11 cm for OSIRIS-NAC
After its flyby past the large lobe of comet 67P/Churyumov-Gerasimenko’s nucleus on 14 February, Rosetta has finished beaming back the images taken during the encounter by its OSIRIS-NAC camera. When the orbiter flew over the Imhotep region of the comet just 6,000 m overhead, the image resolution was 11 cm/pixel, the highest yet obtained by OSIRIS.
The flyby trajectory had been calculated so that when the orbiter was at its closest point to the surface, the Sun, Rosetta and the nucleus were almost perfectly aligned and the orbiter cast its own shadow within the camera’s field of view.
The image released today shows an area at the edge of the Imhotep region, covering 228 m x 228 m.
On the left of the image we can see steep slopes outlined by thin shadows, which then give way to smoother terrain lit by the Sun almost directly overhead. “Images taken from this viewpoint are of high scientific value, as the surface structures cast almost no shadows and therefore the reflection properties of the surface material can be discerned, which is key for the study of grain sizes,” says Holger Sierks, OSIRIS Principal Investigator from the Max Planck Institute for Solar System Research (MPS) in Germany.
A fuzzy rectangular dark spot 20 m across and 50 m long is clearly visible at the bottom of the image.
According to astrophysicist Philippe Lamy at the LAM astrophysics laboratory in Marseille (CNRS/Aix-Marseille University), what we see isn’t strictly speaking a shadow but rather the ‘penumbra’ of the orbiter and its massive 34-metre-span solar arrays.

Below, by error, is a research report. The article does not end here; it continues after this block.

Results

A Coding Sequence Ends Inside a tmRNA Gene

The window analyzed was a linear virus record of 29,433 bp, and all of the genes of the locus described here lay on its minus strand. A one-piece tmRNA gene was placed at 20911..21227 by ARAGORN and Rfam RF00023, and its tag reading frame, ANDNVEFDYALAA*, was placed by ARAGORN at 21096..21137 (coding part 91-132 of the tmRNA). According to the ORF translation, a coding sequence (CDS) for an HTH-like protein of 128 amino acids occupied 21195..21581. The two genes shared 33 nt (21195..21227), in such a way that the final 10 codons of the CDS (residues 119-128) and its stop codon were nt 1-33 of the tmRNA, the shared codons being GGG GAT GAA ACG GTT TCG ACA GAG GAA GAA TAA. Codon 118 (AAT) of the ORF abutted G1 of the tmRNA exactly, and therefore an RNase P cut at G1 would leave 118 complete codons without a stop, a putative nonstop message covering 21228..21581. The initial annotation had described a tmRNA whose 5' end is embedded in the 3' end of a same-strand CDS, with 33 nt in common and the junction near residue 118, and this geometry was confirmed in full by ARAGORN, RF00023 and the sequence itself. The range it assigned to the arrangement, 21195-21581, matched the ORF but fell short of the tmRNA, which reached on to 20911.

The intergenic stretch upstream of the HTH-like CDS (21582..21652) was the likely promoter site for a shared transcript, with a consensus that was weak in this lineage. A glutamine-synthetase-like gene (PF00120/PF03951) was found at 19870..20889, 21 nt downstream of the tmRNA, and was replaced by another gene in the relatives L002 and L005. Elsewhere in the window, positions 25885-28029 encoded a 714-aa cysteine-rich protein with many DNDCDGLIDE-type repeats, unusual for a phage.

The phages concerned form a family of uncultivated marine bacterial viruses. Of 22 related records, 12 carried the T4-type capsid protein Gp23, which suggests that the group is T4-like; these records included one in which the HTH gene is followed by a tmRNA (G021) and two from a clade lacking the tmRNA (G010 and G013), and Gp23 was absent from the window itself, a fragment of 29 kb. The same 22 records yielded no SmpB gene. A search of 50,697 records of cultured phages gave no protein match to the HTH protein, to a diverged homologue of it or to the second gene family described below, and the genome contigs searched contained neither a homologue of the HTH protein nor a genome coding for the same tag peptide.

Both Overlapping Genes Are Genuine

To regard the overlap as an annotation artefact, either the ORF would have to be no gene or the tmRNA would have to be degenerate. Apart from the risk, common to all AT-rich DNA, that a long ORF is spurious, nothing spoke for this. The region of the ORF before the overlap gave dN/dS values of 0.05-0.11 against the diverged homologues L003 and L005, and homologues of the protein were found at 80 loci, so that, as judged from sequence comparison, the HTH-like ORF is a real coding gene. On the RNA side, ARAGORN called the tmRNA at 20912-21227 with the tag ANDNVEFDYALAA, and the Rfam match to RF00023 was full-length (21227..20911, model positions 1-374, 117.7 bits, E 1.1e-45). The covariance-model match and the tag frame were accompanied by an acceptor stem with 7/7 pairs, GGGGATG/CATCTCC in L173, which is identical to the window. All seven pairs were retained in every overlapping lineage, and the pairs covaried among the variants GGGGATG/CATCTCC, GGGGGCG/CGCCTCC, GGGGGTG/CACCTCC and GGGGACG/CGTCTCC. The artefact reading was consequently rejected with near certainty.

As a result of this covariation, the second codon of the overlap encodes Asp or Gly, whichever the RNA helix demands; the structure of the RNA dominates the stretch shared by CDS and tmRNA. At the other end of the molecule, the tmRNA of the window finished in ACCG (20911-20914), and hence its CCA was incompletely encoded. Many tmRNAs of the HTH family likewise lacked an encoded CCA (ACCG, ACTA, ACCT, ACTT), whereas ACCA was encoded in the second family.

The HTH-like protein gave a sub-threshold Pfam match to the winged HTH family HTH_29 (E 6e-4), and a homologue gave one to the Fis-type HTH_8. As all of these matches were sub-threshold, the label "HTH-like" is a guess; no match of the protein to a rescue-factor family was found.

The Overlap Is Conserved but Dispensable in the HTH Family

This is because at only 6 km from the surface, the viewing geometry is such that the orbiter doesn’t totally hide the Sun’s disc. So instead of a sharp shadow encircled by a penumbra, we see just a fuzzy penumbra.
The perfect alignment of the Sun, orbiter and comet also offers a unique observing geometry for characterizing surface properties.
The area surrounding Rosetta’s shadow also appears slightly brighter than the rest of the surface seen in the image. This is due to an effect known as ‘opposition surge’, previously observed on the Moon and other small bodies with highly-structured regolith surfaces. Studying this effect will help scientists to better characterize the retro-reflective properties of the dust grains in this area of the comet’s nucleus.
Such an opposition surge was spectacularly highlighted on asteroid Itokawa during Japan’s Hayabusa mission. On 20 November 2005, as the probe was closing in on the surface of Itokawa, it took images of an intense opposition surge with a brighter ring encircling its shadow. As Hayabusa was only 32 m from the surface at the time, it cast a sharp shadow, unlike Rosetta in the image released today.
Rosetta is an ESA mission with contributions from its member states and NASA. Rosetta's Philae lander is provided by a consortium led by DLR, the German Aerospace Centre, the Max Planck Institute for Solar System Research (MPS), CNES and ASI, the Italian space agency. Rosetta is the first mission in history to orbit a comet, escort it on its course around the Sun and deploy a lander on its surface.